Dr. Fred Mihm is professor of anesthesia at Stanford University Medical School. His major area of interest is Critical Care Medicine and running a busy university intensive care unit. He also cares for complex medical patients requiring high-risk anesthetics and surgery. He has particular interest in a rare life-threatening endocrine tumor (pheochromocytoma) that is associated with serious anesthetic complications. His early interests in medicine were cultivated in Springfield, Mo., while he attended Evangel University and worked part-time at Cox Medical Center with pathologist Dr. Paul Quinn and others. After medical school training at Saint Louis University, postgraduate training in internal medicine followed at the University of Southern California and the University of California, Irvine campus. Then he changed tracks into anesthesiology at Stanford University. He finished his training with a fellowship in Critical Care Medicine at Stanford and Harvard Universities. He has been on the anesthesia faculty at Stanford and associate medical director of the intensive care units since 1979, and has published more than 50 articles or book chapters.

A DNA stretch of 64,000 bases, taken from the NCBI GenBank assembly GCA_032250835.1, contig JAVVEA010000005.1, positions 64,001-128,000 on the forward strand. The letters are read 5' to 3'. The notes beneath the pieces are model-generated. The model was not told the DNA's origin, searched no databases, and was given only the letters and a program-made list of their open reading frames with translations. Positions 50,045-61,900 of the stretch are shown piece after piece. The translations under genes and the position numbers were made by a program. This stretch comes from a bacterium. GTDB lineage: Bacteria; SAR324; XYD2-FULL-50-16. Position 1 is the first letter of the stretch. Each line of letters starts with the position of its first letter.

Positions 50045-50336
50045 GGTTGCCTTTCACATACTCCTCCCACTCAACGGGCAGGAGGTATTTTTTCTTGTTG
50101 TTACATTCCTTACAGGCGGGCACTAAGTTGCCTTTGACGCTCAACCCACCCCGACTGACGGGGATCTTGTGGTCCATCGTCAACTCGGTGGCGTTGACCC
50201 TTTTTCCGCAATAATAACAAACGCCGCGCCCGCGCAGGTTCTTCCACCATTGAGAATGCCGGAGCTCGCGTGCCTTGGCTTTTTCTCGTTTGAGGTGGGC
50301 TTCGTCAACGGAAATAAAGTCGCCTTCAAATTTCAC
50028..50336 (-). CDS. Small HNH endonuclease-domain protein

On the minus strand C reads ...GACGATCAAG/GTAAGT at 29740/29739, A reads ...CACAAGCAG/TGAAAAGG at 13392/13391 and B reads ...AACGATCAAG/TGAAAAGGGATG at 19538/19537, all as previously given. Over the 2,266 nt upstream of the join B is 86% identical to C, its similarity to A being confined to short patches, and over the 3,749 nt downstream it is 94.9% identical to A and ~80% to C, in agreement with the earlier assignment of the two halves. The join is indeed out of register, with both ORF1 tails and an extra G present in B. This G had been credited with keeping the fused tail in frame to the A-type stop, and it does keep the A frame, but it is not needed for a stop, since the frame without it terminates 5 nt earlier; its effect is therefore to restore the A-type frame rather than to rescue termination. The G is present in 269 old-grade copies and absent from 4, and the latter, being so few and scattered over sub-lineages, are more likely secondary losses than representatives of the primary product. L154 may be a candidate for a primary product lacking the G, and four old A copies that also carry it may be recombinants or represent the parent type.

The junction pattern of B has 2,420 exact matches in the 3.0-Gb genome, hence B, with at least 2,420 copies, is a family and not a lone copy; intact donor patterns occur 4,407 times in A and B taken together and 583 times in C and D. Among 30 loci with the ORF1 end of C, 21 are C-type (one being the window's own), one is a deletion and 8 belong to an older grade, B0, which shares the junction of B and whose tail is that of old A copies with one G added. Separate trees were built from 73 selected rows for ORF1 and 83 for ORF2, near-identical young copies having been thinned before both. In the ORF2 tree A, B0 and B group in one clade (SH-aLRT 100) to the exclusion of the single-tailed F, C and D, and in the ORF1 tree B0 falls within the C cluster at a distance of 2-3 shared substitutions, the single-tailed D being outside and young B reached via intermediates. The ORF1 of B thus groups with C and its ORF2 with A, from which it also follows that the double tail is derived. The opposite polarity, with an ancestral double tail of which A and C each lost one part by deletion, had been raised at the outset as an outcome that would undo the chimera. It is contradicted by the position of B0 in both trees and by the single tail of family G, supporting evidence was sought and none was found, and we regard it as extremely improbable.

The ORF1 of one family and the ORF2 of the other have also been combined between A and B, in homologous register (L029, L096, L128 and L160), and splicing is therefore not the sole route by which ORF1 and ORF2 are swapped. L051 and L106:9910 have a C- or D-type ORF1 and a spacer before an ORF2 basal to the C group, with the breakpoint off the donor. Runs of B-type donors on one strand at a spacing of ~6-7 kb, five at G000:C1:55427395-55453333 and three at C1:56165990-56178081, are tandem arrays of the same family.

Aside from his routine academic duties, he has enjoyed volunteering at the San Francisco and San Diego Zoos and the Gorilla Foundation, located in Woodside, Calif. He has assisted in the anesthetic management of many rare and exotic animal species, including gorillas, giraffes, lions, tigers and elephants over the past 25 years.
He also has participated in short-term medical missions to under-developed countries of the world, including Central and South America, Africa and Southeast Asia. During these adventures he has provided anesthesia for life-changing plastic/reconstructive surgery for the poor. His most recent trips were to Bolivia, Bangladesh and China. These experiences are a poignant connection with the rest of the real world.